Legally Owning Your Inventions
Patents grant the right to stop others from making, using or selling your inventive product or process. The process of obtaining a patent is generally slow, difficult, and expensive. With a patent, however, you may convince investors to put money into your business or project; and you may be able to earn money by licensing to other companies the right to use your patented product or process, for a fee.
How to Apply
To apply for a patent, you must file a lengthy and complex application with the Federal Patent Office in Washington D.C. The application requires multiple parts, including drawings, written description, and precise claims, each having specific technical requirements.
When your application is received, a Patent Office examiner provides a written response comparing your product/process to similar ones already existing (so-called “prior art”), usually asserting that your idea is too obvious. You then write a response presenting detailed arguments against the examiner’s assertions, that your product is different enough to warrant the patent. There are typically several rounds of such written argument until the patent examiner finally grants or denies your application. If denied, you can appeal or purchase further opportunity for written argument.
What to Discuss with a Lawyer
You should begin with an idea of the costs involved in seeking a patent, compared to your available funds and the return of investment you feel will result if the patent issues. An experienced patent attorney can discuss things to avoid at the development stage that could present obstacles later down the road. You may want an attorney to prepare confidentiality agreements for your dealings with persons involved as you develop your product or process. A patent attorney can review your idea and discuss its suitability for seeking a patent. Working with an attorney to draft your patent application increases your odds when facing the tough scrutiny of the Patent Office once your application is submitted.
Related Legal Terms
Application — a document filed with the Patent Office to seek a patent
Written Description — the narrative portion of a patent application, describing what the inventor considers to be the best mode or preferred embodiment for practicing the invention, together with disclosure sufficient to enable one skilled in the general field to make and use the invention. At least one patent claim is required, as are drawings if necessary to understand the invention, which is usually the case.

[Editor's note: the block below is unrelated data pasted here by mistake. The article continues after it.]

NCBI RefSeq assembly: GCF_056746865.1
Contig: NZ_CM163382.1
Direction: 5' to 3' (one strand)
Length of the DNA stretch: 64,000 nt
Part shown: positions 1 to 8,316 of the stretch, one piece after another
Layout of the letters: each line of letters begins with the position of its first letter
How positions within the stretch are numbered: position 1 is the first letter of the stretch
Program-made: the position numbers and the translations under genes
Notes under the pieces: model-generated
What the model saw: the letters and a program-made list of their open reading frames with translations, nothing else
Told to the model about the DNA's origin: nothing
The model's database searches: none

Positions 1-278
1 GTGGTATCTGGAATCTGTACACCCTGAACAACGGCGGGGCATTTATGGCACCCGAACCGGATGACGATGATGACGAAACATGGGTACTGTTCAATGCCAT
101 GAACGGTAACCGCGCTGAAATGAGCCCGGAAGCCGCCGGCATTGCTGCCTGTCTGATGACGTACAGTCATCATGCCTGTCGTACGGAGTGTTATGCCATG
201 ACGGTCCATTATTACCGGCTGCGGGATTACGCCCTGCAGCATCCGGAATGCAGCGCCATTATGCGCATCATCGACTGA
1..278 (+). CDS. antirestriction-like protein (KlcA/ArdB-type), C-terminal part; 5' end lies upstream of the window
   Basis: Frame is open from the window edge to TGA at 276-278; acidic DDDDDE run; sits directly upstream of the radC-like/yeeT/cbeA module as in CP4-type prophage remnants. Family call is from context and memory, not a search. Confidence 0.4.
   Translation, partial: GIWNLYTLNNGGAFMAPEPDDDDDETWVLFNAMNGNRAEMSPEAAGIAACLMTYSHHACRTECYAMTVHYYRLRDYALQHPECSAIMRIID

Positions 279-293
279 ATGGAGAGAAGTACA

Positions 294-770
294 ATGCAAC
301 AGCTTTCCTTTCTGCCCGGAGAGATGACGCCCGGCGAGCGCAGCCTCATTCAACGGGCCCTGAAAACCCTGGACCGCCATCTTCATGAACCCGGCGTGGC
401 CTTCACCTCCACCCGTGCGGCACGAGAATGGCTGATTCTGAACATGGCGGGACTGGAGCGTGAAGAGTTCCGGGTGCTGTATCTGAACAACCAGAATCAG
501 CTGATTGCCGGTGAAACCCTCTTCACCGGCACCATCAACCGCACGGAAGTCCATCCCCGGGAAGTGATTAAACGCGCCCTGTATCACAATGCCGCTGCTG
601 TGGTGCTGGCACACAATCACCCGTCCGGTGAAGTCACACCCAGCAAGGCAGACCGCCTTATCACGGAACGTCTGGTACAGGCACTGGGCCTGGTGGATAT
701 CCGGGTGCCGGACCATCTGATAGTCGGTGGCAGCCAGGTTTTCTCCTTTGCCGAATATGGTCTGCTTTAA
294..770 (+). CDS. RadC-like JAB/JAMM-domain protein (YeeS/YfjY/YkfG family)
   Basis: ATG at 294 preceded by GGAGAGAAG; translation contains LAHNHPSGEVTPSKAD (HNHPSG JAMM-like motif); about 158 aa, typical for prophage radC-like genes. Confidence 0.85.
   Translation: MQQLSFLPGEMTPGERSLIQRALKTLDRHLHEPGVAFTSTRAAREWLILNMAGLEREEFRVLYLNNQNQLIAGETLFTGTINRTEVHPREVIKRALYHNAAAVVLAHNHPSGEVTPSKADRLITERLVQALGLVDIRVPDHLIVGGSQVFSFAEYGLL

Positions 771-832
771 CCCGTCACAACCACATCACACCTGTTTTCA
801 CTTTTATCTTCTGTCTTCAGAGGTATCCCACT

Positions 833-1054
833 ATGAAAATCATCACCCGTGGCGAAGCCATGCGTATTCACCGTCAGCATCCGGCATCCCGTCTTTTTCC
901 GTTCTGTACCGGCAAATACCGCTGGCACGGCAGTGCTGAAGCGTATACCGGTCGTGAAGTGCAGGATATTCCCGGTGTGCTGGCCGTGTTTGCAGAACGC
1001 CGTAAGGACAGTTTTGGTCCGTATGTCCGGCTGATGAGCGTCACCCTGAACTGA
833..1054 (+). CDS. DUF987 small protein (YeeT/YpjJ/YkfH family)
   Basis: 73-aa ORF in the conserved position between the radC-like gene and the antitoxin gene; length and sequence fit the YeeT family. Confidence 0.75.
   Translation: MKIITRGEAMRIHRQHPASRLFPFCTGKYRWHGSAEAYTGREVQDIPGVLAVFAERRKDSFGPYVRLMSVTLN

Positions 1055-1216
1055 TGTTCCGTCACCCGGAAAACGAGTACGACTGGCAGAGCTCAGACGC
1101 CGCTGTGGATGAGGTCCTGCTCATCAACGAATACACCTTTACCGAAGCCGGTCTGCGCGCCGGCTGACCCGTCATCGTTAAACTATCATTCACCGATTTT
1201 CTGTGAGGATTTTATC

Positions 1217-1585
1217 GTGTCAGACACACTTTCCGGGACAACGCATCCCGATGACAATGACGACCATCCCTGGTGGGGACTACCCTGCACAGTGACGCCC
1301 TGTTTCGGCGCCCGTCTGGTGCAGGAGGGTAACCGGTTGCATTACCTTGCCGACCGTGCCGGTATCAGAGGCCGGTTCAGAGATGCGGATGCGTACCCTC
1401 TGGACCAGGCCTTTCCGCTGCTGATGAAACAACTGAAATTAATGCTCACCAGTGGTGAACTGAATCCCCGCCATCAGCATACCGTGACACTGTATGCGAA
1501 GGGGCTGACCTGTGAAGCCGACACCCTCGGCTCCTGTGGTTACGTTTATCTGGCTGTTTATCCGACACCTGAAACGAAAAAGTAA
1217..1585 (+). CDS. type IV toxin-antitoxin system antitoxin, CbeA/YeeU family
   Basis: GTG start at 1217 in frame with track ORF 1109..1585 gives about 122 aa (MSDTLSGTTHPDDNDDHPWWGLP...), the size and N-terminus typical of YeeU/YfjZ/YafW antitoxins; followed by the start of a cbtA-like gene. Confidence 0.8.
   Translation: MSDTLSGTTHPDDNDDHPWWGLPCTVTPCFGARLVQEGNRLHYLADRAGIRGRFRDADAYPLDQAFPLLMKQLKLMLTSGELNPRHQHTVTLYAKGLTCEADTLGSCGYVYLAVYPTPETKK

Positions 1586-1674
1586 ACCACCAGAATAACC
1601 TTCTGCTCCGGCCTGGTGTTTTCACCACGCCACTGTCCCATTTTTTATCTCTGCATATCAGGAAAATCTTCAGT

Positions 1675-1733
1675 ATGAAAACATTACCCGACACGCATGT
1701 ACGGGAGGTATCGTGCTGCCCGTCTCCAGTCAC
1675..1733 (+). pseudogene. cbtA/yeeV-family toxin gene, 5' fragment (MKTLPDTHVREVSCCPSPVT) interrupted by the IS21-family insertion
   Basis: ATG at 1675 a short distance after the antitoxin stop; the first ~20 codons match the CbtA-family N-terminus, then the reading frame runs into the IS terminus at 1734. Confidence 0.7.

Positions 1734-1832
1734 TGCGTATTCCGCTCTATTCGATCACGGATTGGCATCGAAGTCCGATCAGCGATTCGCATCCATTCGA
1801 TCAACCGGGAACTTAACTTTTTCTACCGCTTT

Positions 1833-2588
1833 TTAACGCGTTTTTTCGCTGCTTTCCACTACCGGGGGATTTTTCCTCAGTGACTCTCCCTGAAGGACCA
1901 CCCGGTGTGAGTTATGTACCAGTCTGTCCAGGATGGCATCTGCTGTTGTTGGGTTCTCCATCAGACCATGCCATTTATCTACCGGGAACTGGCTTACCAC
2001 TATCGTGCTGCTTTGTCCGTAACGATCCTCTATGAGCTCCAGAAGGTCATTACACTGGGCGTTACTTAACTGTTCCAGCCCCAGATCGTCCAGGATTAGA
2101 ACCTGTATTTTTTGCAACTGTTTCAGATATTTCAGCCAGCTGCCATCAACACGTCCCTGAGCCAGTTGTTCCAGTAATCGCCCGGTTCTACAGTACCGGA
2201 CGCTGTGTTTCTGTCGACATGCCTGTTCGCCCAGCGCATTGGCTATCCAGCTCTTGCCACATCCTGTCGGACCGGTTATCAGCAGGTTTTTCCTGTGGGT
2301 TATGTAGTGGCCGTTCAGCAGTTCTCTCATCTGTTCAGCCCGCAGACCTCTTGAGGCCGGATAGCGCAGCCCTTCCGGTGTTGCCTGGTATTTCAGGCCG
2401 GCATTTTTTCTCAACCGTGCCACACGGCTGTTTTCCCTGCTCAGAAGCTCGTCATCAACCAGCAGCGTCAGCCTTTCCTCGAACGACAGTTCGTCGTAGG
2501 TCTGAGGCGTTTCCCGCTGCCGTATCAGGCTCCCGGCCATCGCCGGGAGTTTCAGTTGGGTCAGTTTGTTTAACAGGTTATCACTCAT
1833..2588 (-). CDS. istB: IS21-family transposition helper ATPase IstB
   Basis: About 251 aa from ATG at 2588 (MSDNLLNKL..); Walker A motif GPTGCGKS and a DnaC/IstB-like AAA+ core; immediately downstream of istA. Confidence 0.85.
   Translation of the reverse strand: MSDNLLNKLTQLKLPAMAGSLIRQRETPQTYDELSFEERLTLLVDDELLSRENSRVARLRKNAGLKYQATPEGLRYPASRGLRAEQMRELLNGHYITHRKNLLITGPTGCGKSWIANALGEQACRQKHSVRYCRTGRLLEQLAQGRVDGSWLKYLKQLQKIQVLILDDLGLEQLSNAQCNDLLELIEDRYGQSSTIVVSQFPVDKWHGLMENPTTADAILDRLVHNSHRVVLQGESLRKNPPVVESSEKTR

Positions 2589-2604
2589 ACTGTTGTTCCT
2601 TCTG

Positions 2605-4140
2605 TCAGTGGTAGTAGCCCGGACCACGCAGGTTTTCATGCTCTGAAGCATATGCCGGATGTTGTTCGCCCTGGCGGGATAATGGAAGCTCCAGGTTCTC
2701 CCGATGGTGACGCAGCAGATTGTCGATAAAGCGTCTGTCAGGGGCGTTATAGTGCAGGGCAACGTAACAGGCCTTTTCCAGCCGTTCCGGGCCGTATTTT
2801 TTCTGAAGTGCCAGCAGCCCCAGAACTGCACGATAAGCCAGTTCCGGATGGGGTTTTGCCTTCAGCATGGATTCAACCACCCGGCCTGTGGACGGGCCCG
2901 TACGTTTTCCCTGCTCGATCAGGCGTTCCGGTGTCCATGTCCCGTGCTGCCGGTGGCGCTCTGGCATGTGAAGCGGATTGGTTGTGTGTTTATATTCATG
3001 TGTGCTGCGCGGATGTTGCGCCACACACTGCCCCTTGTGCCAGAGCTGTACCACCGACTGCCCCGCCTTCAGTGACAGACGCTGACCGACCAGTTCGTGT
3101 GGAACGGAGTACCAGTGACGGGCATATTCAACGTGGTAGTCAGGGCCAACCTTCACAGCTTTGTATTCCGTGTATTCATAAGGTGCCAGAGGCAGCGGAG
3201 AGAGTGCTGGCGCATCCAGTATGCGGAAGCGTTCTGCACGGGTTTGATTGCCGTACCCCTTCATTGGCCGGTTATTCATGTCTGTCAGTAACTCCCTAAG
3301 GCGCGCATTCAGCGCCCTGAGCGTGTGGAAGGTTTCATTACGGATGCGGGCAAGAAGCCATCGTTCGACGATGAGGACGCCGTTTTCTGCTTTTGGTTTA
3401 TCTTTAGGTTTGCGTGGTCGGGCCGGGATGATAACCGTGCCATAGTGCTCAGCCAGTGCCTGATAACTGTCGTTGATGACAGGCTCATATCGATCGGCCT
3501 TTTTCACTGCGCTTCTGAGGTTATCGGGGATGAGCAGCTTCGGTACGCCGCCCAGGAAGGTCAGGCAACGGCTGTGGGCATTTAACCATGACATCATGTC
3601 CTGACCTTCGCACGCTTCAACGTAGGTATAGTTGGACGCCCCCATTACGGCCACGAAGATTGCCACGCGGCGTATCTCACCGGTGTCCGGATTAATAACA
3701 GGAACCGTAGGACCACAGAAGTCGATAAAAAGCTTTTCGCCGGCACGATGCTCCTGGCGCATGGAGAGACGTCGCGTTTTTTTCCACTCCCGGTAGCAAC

Claims — what a patent application must include, at least one being a technical and broad definition of what the patent will cover or its scope, set forth at the end of an application in numbered paragraphs
Conception and Reduction to Practice — the beginning mental concept of an invention. Reduction to practice is taking an invention from mental concept to physical reality, verifying operability and suitability. Both are relevant evidence for resolving a dispute between two or more parties as to who first invented.
Critical Date — the date at which a U.S. application can no longer be filed due to statutory bars, one year from initially placing the invention in the public domain, e.g., through publication, public use, offer for sale or sale
Crowded Art — any field of technology in which there are many prior inventions, making it more difficult to obtain a patent
Design Patent — a less common type of patent offering protection in relation to ornamental appearance of a product
Doctrine of Equivalents — a legal doctrine expanding patent infringement to cover practicing an invention with minor design changes that would otherwise avoid literal infringement
Examiner — a Patent Office employee assigned to each patent application
File Wrapper Estoppel — a legal doctrine whereby an applicant’s narrowing the scope of the patent during prosecution in order to overcome prior art rejections effectively bars the applicant from later arguing a broader interpretation of what the patent covers
Person Skilled in the Art — a hypothetical person having ordinary technical prowess in the general area of the invention (e.g., an engineer), for judging whether the claimed invention is obvious for patentability purposes
Infringement — when someone makes, uses, sells, places on sale, or imports into the United States an invention already patented by another
New Matter — inventive content not present in the patent application filed, which cannot be added to the application during prosecution
Novelty — one of the patentability hurdles faced by a patent application. Novelty means the claimed invention must be unique, with respect to any single prior art
Non-obviousness — another patentability hurdle faced by a patent application, this means the claimed invention must not be obvious to a person having ordinary skill in the art, with respect to combining aspects of multiple prior art
Prosecution — the administrative process with the Patent Office between patent filing and patent issuance or denial, involving written argument with the Patent Office regarding patentability